LAWTON, Okla._The ice has melted away and the cleanup is still in the beginning stages, yet still more than 6,000 people are still without power across the area.
In Caddo County alone, there are more than 3,000 people whose lights remain off. At night, when the temperatures drop into the 30s, families are having to rely on generators and heat from fireplaces to keep warm.
It has been four days since the McKenzie family had electricity in their home just outside of Apache. The family says they are just trying to do what they can to stay warm.
Caddo Electric Cooperative customer Lynn McKenzie says with each chilling day that passes, he hopes to come from work, to a warm house.
"I'm getting real frustrated. It seems like I am always left out. It shows on the grid that I am up in running. The tree is still laying across the line down there. It's still a bad deal," McKenzie said.
McKenzie says they have been using two generators, making their house an entire mess of electrical cords.
"Cords, cords we have got cords going to the refrigerator because we are going to lose all the stuff we have got in the refrigerator if we don't keep it cold. We have got lights here where we can to see to move around. We have got cords in here that go to other lights, then we have got some that go in here," McKenzie explained.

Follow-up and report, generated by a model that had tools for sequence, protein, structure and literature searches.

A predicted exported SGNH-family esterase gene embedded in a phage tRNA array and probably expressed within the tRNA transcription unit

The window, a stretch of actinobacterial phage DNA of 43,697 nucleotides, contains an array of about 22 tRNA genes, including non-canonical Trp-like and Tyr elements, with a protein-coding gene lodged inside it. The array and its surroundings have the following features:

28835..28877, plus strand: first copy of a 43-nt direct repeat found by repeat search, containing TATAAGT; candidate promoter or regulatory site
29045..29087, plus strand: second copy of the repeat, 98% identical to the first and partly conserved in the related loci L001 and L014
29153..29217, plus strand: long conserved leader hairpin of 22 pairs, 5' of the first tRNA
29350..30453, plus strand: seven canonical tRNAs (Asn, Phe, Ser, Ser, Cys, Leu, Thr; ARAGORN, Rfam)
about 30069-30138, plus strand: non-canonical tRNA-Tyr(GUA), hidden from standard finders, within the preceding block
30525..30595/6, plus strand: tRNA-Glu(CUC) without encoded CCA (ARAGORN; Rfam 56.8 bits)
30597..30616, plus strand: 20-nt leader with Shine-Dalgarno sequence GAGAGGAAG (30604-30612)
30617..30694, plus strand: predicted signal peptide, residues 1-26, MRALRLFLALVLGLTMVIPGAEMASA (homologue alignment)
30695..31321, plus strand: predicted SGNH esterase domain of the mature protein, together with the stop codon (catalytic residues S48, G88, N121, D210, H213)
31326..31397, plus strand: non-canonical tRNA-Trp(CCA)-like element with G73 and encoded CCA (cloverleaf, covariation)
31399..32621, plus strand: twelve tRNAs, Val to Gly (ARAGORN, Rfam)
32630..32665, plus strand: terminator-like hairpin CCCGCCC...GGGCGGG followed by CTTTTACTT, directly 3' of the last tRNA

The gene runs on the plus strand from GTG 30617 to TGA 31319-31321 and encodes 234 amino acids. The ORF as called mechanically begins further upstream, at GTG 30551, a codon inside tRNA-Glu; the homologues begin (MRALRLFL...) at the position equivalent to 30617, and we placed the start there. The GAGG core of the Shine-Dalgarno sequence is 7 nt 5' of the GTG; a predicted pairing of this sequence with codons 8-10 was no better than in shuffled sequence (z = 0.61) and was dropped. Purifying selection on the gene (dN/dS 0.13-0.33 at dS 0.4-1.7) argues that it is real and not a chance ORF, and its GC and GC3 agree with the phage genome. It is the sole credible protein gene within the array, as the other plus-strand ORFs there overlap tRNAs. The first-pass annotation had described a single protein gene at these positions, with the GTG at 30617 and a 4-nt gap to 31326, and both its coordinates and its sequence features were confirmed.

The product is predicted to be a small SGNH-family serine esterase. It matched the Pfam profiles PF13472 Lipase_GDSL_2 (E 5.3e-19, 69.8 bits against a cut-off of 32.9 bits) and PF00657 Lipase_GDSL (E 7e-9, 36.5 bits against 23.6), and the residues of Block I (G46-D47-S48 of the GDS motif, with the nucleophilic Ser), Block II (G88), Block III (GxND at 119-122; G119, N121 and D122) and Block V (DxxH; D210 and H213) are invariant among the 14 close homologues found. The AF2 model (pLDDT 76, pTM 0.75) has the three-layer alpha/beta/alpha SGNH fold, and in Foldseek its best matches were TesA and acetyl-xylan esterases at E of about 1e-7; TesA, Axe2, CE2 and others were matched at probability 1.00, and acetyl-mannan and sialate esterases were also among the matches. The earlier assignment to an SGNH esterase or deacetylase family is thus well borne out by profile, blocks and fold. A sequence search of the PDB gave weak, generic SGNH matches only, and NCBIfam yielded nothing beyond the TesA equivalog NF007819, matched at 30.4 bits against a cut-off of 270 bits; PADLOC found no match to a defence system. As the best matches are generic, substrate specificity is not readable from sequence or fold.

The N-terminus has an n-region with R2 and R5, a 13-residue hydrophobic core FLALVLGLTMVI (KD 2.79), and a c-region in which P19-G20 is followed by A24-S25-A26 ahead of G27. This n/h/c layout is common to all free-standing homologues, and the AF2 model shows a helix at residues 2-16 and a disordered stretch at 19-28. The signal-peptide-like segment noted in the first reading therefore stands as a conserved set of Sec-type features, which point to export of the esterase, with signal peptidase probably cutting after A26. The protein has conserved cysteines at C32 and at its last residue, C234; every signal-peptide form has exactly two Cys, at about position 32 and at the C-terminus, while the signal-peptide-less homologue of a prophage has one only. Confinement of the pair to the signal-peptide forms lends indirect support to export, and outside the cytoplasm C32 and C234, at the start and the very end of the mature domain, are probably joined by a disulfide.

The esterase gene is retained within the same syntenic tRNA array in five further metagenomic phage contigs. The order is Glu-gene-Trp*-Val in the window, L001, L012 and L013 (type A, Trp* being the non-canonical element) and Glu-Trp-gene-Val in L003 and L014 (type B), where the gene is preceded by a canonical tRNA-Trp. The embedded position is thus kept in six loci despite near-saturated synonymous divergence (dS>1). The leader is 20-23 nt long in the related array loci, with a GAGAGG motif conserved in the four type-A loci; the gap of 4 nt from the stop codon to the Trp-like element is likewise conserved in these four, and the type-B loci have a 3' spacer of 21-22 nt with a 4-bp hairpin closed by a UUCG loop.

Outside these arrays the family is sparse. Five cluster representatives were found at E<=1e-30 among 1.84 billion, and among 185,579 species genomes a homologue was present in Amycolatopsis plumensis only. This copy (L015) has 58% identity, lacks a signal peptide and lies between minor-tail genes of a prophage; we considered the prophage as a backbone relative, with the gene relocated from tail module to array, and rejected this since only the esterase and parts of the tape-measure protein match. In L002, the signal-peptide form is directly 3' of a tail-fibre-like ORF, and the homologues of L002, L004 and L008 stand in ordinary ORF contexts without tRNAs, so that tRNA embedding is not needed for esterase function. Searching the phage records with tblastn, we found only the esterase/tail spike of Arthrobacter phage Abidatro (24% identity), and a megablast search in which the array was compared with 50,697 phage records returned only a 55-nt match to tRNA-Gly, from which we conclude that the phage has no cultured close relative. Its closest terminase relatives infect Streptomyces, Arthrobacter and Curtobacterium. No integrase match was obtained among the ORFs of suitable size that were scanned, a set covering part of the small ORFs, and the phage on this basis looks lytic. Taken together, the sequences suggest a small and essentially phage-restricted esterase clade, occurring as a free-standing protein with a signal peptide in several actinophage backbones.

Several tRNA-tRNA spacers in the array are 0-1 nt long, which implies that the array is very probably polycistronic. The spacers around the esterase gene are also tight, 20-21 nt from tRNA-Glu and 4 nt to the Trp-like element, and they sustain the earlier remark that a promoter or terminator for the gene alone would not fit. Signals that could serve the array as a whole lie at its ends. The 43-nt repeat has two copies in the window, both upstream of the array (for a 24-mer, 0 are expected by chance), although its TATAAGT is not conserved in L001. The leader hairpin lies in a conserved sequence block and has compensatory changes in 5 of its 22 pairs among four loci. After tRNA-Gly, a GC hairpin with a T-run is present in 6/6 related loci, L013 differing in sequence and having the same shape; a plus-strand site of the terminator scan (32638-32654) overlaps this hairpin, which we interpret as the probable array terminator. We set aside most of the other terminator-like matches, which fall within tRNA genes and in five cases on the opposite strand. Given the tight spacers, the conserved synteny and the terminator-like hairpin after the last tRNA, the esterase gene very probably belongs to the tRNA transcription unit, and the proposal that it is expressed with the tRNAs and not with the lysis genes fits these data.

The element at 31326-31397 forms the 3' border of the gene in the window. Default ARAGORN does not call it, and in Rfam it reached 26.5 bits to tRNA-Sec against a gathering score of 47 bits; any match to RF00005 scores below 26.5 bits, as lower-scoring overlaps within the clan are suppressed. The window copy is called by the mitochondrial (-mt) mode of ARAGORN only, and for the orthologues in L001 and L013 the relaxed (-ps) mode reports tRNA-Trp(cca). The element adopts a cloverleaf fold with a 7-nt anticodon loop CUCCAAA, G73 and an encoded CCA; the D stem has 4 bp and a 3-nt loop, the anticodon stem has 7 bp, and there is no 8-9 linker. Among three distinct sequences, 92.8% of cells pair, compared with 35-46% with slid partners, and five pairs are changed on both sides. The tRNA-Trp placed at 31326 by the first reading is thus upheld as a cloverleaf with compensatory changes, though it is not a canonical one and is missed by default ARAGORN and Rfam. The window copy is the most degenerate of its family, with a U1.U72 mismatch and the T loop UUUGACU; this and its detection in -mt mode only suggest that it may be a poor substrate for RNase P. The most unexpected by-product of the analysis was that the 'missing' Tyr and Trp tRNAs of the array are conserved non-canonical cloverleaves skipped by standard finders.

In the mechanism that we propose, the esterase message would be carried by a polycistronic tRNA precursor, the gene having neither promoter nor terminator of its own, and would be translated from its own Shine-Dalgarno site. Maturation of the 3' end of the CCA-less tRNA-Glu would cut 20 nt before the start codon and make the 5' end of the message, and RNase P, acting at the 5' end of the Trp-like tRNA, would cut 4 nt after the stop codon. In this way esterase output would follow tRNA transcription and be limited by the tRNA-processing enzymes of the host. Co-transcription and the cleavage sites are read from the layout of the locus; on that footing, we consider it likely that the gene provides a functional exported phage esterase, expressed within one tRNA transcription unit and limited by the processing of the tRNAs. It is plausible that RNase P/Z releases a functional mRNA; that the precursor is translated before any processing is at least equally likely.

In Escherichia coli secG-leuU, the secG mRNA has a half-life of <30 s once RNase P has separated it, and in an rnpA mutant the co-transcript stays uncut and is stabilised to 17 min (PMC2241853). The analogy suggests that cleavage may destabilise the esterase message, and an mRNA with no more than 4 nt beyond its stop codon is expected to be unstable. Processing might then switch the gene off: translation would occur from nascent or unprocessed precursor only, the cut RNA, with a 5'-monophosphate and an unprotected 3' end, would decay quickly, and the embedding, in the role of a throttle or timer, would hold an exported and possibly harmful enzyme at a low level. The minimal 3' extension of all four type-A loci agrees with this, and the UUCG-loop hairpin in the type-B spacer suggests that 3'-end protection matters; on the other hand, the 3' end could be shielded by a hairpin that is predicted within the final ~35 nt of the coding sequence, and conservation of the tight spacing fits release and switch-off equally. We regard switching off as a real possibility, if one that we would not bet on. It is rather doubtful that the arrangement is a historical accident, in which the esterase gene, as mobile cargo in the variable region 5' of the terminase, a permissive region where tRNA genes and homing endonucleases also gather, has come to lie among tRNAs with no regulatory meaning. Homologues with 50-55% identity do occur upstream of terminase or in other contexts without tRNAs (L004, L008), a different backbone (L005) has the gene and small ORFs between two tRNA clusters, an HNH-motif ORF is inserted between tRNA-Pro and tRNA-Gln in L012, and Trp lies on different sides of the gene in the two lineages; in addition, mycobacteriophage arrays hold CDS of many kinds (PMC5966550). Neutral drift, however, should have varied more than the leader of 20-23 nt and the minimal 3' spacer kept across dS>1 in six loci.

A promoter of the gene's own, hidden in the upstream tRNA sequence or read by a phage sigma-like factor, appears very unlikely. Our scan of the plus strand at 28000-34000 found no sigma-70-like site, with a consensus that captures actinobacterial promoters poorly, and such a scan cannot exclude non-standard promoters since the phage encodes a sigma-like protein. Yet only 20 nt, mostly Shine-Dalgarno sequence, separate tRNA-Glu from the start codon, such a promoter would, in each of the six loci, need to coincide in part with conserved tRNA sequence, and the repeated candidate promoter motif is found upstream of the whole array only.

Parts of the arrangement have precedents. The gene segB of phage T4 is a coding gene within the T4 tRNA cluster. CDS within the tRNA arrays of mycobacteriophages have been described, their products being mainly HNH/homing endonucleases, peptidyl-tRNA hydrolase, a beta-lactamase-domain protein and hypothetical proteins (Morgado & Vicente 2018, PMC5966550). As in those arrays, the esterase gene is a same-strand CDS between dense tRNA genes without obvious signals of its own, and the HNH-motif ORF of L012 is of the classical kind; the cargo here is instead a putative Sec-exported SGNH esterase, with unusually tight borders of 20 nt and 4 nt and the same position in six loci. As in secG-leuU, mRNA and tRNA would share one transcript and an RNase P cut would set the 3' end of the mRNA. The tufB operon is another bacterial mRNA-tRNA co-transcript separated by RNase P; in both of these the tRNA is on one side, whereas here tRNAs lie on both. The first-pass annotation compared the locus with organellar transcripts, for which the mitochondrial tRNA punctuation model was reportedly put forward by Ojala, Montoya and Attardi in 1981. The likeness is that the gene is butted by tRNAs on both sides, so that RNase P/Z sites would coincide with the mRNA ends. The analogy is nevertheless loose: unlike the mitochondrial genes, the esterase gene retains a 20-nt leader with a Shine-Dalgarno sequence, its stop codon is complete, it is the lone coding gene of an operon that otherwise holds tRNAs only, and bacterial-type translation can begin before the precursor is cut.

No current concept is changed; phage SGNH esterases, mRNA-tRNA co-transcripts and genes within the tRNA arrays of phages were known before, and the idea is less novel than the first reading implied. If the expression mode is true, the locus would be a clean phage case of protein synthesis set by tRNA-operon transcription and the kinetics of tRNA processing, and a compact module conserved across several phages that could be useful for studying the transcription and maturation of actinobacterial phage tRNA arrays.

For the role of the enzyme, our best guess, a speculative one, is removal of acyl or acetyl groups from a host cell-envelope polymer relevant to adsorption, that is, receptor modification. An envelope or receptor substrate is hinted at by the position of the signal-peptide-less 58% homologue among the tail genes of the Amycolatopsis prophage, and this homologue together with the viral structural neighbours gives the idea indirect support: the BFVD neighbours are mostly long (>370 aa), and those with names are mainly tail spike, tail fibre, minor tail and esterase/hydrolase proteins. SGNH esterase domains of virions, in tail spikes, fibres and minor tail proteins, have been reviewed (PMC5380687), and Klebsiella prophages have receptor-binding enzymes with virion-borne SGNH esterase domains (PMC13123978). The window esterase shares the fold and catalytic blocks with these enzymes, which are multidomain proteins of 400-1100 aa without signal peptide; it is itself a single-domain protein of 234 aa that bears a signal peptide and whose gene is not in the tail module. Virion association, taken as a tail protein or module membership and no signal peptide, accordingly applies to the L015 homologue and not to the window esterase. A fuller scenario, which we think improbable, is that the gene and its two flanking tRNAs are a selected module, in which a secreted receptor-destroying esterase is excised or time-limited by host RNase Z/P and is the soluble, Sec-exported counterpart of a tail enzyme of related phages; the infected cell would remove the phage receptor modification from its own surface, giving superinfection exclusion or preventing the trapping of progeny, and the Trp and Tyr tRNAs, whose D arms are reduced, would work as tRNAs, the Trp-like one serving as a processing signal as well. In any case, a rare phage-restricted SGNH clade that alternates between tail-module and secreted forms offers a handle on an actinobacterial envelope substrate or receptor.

McKenzie says the worst part for himself, his wife and two kids has been the nighttime temperature in the house. He says it has been just as cold inside as it is outside.
"Thirty-eight degrees, 40 degrees. I mean we are having to use blankets at night, just tons of blankets just to even stay warm," he said.
The family's home is all electric. Their portable generators aren't powerful enough to power anything, but a small heater occasionally.
"Plug it in and turn everything off and turn a little heater on and it will get a little warm in one room, but it doesn't last long. It doesn't last long at all," he said.
McKenzie, like thousands of customers across the area without power, is just hoping to get back to a sense of normalcy that comes along with having electricity.
"I just want them to get the power back on so that we can get back to going to normal life again," he said.